The emergency stimulus measures approved by the Japanese government on January 11 do not include specific reference to legalization of casino resorts, but there is mention of promoting tourism, encouraging business investment, and creating employment opportunities. Fitch Ratings continues to believe that Japan gaming liberalization remains a good likelihood within the next several years.
The potential for Japan casino legalization is important to monitor as it could result in increased competitive risk to established markets and operators in the region as well as development risk for potential gaming license bidders.
The current ruling Liberal Democratic Party (LDP) supported legalization of casino resorts when it was previously in power. The LDP set up research groups to study the issue; in June 2006 it recommended a basic policy of developing two or three casinos and in January 2007 it set up a subcommittee to study legal structure. However, the LDP lost control of the upper house in the July 2007 election and then lost a majority of the House of Representatives in 2009 before regaining power in last month's election. LDP's coalition partner, New Komeito Party, also appears to be in support of casinos.
Gaming expansion tends to be contagious, albeit lumpy in its trajectory. Passage of gaming initiatives is fueled by multiple years of political backing, competition from nearby markets that result in potential tax dollars being siphoned to other jurisdictions, and increased social acceptance. Since the LDP was last in power, the integrated resort model has been proven to be largely successful in Singapore as a means of stimulating tourism and the economy. Overall visitation to Singapore increased by 20.2% in 2010, the year its two integrated resorts opened, and then 13.1% in 2011. Visitors to Singapore from Japan in 2011 numbered 656,417, accounting for 5.0% of total visitation, reflecting a 24.1% increase from 2010.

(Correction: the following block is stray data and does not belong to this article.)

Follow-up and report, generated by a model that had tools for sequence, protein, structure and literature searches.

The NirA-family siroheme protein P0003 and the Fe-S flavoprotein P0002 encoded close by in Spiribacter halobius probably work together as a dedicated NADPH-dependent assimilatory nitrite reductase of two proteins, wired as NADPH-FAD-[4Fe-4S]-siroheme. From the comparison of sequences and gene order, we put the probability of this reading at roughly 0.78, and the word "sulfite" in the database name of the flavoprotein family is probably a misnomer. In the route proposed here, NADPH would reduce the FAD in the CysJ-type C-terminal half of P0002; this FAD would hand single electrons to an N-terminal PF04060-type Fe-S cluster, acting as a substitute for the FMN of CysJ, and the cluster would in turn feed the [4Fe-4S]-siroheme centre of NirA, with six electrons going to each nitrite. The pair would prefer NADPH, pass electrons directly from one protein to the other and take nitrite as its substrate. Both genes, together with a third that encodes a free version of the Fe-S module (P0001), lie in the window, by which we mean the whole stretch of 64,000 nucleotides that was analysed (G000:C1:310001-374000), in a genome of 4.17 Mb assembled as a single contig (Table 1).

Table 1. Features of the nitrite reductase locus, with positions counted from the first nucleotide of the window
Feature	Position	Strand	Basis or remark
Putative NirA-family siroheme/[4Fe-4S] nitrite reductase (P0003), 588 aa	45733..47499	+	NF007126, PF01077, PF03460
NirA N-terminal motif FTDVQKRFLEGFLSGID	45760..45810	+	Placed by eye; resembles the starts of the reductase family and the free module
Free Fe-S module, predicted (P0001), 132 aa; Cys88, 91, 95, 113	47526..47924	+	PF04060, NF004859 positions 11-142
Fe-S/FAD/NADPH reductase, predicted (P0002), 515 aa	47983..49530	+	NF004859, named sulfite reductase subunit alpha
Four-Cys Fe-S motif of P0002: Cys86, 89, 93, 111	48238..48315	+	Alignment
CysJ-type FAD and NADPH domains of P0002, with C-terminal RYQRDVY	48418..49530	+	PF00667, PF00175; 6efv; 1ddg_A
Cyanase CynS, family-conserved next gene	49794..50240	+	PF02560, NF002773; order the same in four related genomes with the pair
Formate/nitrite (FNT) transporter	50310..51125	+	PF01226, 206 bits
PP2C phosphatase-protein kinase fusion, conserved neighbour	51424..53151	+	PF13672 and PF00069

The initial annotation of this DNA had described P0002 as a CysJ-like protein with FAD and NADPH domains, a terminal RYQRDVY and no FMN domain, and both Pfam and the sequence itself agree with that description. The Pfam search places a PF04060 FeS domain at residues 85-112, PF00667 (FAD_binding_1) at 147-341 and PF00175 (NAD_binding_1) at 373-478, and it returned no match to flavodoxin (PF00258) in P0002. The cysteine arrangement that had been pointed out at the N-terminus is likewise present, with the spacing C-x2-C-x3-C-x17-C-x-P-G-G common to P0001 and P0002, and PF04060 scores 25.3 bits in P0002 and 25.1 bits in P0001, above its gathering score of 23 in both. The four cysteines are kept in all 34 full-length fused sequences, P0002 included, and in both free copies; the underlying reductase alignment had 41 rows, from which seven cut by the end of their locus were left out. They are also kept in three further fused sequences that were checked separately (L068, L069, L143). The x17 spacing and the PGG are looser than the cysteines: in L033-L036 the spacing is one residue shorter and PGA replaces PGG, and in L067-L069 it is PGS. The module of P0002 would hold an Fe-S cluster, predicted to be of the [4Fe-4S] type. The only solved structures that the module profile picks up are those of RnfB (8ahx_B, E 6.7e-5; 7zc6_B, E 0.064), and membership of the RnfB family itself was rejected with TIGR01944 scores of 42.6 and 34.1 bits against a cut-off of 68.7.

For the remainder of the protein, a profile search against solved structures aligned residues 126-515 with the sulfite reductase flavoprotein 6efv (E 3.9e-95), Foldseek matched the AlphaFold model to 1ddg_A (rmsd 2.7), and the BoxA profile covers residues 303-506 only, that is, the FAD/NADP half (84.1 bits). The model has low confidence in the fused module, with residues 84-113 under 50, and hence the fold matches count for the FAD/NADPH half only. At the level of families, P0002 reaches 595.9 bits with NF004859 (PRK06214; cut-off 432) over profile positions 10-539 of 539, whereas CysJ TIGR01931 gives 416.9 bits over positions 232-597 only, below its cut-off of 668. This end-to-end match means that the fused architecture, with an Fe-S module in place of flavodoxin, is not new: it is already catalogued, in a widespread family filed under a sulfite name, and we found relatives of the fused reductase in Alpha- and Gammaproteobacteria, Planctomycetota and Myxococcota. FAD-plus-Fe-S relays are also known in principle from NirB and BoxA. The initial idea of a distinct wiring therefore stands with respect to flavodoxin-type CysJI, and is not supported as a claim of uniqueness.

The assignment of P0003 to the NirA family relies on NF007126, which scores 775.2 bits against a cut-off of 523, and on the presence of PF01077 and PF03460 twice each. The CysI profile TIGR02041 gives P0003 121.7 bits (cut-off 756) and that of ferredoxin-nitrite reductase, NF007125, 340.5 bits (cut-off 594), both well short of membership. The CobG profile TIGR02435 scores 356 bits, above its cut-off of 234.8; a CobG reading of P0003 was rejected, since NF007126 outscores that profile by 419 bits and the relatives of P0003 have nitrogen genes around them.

Additionally, we expect the Philippines and Vietnam gaming markets to ramp up materially over the next few years, and South Korea and Taiwan have also been considering gaming liberalization measures. As discussed in our 2013 Asia-Pacific gaming outlook, "Rising Regional Prosperity Underpins Growth," we believe gaming proliferation in southeast Asia over the next decade may be similar to the contagious growth of various markets in the U.S. over the past 20-25 years.
Companies that would likely be aggressive in pursuit of a Japan gaming license include the U.S.-based multinational gaming companies, namely Las Vegas Sands (rated 'BB+' with a Stable Rating Outlook by Fitch), Wynn Resorts (rated 'BB' with a Stable Rating Outlook by Fitch) and MGM Resorts (rated 'B' with a Positive Rating Outlook by Fitch). Other more domestic-oriented U.S. operators such as Caesars Entertainment (rated 'CCC' with a Negative Rating Outlook by Fitch) may also express interest, but its pursuit would be more financially constrained and would likely require partners. Notable Asia-Pacific operators that could be interested include Genting Berhad (rated 'A-' with a Stable Rating Outlook by Fitch) through one of its subsidiaries.
Japan has long been touted as an attractive gaming market with a large, relatively rich population base and close proximity to South Korea (which restricts gaming by nationals) and northern provinces/cities of China, including Beijing. As a result, the small South Korea gaming market would be the most negatively affected market in the event of Japanese gaming liberalization.
Macau, the regional hub for gaming, received over 1 million visitors from Japan, Korea and Beijing year-to-date through November 2012. However, this represents only 4% of total visitation, while 57% of Macau visitation comes from nearby Hong Kong and the province of Guangdong. As a result, the impact to Macau would be limited since Macau remains largely a day trip, local market, but it would still be notable because Japanese casinos would likely target and attract a broad southeast Asian and international visitor base.